• When using a recruitment agency, short and long lists that are not reflective of the local working age population should be rejected. All employers should critically examine their entry requirements, such as which university the individual attended, and consider how their organisation is portrayed online and at recruitment fairs to attract a diverse pool of applicants. Interview panels should be diverse. All elements of reward and recognition within an organisation, from appraisals to bonuses, should reflect the racial diversity of the organisation.
  • Both public and private organisations should use contracts and supply chains to promote diversity, ensuring that contracts are awarded to bidders who show a commitment to diversity and inclusion.
  • Employers should seek out opportunities to provide work experience to a more diverse selection of individuals, including stopping all unpaid or unadvertised internships. New joiners should receive information about career pathways and how promotions work as part of their induction. Senior managers should publish their job history internally (in a brief, LinkedIn style profile) so that junior members of the workforce can see what a successful career path looks like. Employers should support the establishment of inclusive networks and encourage their workforce to participate, and establish internal mentoring and sponsorship schemes.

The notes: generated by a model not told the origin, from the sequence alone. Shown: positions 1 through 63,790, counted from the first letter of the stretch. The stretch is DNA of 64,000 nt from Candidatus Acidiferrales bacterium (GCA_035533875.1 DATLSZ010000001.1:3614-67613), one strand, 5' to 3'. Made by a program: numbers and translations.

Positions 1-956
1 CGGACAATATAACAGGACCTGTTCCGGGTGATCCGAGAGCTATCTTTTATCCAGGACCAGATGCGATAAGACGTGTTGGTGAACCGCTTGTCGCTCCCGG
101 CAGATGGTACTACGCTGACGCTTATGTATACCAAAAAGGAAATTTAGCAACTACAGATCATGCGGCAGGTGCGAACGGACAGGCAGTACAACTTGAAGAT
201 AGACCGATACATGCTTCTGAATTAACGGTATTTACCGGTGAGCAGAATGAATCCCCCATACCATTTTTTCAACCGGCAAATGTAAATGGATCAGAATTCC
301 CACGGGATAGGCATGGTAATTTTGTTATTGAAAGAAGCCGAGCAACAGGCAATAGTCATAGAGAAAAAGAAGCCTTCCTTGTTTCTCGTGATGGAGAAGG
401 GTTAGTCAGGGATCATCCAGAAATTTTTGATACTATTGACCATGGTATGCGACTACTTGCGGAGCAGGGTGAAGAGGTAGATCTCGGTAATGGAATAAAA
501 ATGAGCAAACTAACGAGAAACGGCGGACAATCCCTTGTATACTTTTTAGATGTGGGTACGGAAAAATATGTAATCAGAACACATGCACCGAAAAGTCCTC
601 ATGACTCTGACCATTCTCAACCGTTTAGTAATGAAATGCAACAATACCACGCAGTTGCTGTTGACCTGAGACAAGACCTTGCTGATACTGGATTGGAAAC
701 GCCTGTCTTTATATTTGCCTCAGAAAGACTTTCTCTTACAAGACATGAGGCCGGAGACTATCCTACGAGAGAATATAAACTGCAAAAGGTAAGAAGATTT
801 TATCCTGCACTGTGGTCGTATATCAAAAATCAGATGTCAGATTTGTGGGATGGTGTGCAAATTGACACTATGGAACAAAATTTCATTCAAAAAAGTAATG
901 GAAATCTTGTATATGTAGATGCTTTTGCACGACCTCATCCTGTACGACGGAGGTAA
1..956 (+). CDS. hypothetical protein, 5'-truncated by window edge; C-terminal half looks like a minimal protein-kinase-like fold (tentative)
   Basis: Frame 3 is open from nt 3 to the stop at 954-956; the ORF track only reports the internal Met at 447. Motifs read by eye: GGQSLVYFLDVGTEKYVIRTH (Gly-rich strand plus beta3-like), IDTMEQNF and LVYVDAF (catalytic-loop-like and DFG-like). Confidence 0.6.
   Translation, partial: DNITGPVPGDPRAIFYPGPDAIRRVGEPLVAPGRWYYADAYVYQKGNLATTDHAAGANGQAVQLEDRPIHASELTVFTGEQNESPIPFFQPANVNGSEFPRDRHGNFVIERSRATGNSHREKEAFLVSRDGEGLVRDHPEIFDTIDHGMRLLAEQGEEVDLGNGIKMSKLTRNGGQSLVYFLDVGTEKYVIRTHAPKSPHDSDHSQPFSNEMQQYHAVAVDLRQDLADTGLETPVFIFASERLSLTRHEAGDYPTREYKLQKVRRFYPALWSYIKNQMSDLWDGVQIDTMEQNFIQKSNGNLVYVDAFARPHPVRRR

• The government should work with suitable organisations to develop a simple guide on how to discuss race in the workplace, and an online portal for employers with resources on effective positive action. The government should write to institutional funds with holdings in FTSE companies and ask for their policies on diversity and inclusion. A list of the top 100 BME employers should be published, similar to the Stonewall list of LGBT employers.
  • After 12 months, the government should assess the extent to which the recommendations in the review have been implemented and take any necessary action.

Government response